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Blockchain could become a part of the US military’s strategic weaponry

SIMBA Chain beat competitors such as Boeing by using blockchain to underpin a war games solution for the U.S. Department of Defense.

One often hears blockchain in the same breath as security and supply chains. This week, a winning entry to a competition organized by the United States Department of Defense cast both these aspects in a new light.

To keep pace with the ever-more technologized battlelines of contemporary warfare, the DoD continues to explore ways to innovate the manufacturing process and supply chain for weaponry and infrastructure in use by the U.S. Air Force and U.S. Navy. 

The Advanced Manufacturing Olympics, held virtually this year on Oct. 20–23, sought to recruit traditional DoD contractors, technology developers and academics to mobilize new technologies, particularly 3D printing, for the manufacture and delivery of critical parts in the military supply chain.

SIMBA Chain, a smart contract-as-a-service platform developed the University of Notre Dame and ITAMCO, was awarded first place and a prize of $100,000 for its entry in one of the technical challenges set during the DoD’s olympics.

For the challenge, the DoD devised a war game scenario in which a fictional island was under siege. Participants were tasked with deploying additive manufacturing (the 3D printing of metals, plastic and composite parts on demand) and creating a secure communications and delivery network for forward-deployed military units and front-line medical staff. SIMBA Chain CEO Joel Neidig explained:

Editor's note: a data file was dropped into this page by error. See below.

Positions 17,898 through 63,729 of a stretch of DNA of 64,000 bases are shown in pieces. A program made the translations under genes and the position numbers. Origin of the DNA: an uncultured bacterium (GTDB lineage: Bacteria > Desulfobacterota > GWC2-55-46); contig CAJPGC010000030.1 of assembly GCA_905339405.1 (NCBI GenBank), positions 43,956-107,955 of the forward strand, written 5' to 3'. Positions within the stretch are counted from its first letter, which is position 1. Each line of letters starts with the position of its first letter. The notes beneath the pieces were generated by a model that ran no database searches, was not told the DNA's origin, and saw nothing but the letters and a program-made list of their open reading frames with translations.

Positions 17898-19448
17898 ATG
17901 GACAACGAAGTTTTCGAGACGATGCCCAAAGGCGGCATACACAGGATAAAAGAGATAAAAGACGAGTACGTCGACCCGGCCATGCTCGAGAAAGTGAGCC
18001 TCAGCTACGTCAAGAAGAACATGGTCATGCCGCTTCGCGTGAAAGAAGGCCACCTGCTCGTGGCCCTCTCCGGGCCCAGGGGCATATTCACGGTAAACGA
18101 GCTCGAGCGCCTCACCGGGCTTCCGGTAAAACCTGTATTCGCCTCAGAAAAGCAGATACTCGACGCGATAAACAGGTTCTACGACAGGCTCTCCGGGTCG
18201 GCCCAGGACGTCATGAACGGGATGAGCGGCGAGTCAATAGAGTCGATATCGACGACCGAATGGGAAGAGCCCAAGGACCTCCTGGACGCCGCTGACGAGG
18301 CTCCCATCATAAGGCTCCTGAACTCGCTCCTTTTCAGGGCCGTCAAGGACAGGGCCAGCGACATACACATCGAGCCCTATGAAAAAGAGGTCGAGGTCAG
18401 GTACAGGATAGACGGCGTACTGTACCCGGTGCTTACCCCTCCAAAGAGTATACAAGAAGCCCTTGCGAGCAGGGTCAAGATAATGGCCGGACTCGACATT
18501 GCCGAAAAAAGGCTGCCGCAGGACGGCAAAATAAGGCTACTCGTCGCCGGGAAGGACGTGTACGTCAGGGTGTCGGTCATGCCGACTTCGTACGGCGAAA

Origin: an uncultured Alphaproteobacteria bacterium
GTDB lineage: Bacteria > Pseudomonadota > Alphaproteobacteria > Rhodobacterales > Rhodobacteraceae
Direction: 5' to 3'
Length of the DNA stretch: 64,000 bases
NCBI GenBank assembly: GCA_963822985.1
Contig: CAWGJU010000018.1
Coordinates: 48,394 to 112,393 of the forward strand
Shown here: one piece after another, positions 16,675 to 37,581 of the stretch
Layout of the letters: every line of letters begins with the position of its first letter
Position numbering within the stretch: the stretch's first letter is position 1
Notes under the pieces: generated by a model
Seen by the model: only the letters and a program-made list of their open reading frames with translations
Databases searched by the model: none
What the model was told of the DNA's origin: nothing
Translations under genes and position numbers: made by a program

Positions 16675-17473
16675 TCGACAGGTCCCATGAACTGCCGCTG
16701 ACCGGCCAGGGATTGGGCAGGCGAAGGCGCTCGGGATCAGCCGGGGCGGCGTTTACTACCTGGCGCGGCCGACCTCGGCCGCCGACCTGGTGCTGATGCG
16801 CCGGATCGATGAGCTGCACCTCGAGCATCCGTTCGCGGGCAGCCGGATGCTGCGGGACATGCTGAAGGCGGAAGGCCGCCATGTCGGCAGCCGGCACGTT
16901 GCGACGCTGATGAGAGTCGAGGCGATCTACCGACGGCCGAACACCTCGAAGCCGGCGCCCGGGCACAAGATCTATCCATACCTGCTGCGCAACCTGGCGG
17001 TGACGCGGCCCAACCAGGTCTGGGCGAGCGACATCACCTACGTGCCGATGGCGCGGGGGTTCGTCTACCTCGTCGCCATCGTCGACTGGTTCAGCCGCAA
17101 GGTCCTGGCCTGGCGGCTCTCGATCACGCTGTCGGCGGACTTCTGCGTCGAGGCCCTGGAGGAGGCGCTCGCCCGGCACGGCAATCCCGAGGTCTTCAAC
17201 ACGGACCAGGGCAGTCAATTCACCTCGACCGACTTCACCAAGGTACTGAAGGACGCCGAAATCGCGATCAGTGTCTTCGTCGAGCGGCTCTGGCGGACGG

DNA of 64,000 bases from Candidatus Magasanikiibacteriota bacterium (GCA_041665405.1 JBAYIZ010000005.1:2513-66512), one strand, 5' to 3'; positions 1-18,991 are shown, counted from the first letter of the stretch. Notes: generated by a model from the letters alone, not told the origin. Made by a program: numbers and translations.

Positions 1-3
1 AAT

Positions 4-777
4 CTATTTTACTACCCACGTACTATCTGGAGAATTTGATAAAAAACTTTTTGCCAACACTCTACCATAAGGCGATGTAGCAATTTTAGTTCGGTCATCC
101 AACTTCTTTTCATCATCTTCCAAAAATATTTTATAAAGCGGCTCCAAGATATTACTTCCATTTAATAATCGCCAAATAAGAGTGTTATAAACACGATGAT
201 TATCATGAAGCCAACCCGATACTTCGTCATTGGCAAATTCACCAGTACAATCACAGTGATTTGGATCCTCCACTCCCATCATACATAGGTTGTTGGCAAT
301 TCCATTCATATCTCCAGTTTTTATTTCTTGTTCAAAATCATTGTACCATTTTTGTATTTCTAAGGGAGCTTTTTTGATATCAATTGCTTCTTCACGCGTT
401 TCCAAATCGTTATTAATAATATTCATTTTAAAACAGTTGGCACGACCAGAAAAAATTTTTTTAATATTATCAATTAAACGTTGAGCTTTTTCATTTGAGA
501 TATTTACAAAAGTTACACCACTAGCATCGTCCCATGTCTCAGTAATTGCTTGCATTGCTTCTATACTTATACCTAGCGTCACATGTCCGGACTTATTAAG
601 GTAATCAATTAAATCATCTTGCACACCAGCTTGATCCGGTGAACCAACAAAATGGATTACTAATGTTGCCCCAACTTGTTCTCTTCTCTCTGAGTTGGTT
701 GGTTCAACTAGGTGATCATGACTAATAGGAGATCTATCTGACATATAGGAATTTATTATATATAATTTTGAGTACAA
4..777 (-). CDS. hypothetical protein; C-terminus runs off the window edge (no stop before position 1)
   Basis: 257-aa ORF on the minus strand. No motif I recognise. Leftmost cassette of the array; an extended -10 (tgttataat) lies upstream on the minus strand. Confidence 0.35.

“We [...] had six days to put together an entire war games solution to deliver critical parts to a battlefront, keep field hospitals operational and infrastructure like runways intact. What was different about our approach was how we met both the physical challenges of war fighters as well as the cyber threats that are playing a growing role in modern warfare.”

SIMBA beat other participants such as Boeing, which won third place, and Stratasys, second place, due to its use of blockchain to provide a secure network that established cyber-resilient communications between additive manufacturing labs across the supply chain. 

The DoD’s olympics is not, of course, an idle war games challenge that stops with the creation of a fictional island. The Air Force seeks to turn successful solutions into commercial realities, and SIMBA Chain is already working with several arms of the DoD, including the Air Force and Navy. The company states it has “high hopes that blockchain, and specifically SIMBA Chain, will soon be an integral part of the U.S. military’s strategic weaponry.”

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